I'm reminded of how flawed I see the current peer review cycle.

A: Look at B.
C: Hey, A reported something.
B: Hey, A and C are reporting something. It must be true.
A: Wow, look at the supporting evidence from B and C.
And if B or C disagree with A? They won't report on it at all. Ergo, something becomes "not peer reviewed", which means people will simply disregard it.
I worked -for a while- at a research university and saw the dirty underbelly of peer reviewing. When people spout the phrase "peer reviewed" as it's some magical incantation automatically casts the aura of Holy Truth on something, I think less of them. Much less.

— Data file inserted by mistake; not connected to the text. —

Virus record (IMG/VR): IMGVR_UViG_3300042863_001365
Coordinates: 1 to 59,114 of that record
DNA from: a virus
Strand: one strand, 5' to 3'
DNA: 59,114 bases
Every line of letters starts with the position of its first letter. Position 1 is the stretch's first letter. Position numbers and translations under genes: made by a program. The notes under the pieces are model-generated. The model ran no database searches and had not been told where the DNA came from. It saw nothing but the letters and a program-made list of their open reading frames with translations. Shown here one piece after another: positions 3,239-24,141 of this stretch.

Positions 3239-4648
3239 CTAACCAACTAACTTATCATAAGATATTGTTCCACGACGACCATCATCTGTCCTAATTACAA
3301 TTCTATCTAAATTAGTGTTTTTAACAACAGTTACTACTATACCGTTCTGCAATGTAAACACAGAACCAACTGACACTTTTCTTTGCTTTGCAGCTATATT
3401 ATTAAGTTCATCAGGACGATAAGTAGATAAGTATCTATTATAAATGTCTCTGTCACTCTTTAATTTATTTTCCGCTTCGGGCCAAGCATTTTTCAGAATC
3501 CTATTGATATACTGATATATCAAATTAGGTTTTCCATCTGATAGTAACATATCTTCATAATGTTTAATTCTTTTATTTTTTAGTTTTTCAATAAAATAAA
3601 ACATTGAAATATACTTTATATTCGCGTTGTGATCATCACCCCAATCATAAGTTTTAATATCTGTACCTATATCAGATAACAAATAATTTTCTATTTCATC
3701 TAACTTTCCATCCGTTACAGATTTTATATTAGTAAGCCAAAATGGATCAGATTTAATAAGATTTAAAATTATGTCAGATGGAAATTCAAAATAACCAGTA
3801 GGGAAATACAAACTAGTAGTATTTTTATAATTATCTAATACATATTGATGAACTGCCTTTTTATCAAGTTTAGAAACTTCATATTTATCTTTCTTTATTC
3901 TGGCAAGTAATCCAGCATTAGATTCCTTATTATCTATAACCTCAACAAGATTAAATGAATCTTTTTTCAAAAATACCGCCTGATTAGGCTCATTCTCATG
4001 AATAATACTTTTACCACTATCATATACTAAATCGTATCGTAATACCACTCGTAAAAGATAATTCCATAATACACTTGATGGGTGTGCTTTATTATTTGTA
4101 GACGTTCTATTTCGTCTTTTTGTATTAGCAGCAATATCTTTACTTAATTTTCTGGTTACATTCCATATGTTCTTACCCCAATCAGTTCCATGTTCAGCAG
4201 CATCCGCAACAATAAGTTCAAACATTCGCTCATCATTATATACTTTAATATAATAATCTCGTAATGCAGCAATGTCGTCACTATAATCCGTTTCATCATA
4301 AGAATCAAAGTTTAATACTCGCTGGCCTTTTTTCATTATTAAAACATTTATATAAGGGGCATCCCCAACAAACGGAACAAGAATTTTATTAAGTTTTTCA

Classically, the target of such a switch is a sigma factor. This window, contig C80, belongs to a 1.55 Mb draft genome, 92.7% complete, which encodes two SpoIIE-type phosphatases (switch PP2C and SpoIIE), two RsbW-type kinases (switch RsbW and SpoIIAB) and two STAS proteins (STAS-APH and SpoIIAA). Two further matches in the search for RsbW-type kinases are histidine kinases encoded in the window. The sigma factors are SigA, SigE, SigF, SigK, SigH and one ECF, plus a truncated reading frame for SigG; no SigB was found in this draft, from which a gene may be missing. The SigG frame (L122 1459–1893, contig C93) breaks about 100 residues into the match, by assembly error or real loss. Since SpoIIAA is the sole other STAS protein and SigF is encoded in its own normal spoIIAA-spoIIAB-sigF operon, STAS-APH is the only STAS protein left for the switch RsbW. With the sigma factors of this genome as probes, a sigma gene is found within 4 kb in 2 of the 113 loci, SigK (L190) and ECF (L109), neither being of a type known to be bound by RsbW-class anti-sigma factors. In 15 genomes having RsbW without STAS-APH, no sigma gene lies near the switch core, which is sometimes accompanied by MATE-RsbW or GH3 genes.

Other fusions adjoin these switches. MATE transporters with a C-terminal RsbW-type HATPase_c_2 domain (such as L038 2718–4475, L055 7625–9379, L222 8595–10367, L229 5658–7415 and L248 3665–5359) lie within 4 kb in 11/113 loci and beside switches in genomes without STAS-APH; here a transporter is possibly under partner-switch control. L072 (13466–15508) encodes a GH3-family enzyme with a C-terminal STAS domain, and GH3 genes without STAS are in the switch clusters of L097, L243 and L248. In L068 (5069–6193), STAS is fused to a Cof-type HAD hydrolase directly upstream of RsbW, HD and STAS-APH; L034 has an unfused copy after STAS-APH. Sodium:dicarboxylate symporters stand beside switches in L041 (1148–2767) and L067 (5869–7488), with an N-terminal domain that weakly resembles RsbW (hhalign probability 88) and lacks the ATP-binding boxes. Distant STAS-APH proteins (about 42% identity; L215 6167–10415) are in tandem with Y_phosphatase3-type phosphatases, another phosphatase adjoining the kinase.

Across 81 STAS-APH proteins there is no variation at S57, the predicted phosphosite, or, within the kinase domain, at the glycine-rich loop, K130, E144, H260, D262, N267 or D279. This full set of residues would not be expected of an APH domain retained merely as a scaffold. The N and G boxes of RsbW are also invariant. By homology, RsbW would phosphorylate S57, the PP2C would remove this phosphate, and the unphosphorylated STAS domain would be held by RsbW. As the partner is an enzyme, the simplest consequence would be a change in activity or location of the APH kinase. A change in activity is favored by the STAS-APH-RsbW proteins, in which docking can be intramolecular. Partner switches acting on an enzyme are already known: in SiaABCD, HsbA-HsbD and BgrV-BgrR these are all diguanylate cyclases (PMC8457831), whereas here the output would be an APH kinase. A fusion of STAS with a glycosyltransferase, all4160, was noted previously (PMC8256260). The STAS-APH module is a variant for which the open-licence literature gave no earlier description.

That's not to say that honest review of your by actual peers in your job isn't important. It is. But far too often it devolves into Confirmation Bias 101, where you exclude discussion of any contrary opinions, which then allows you to state that no contrary positions exist.
See also the f*cking press.
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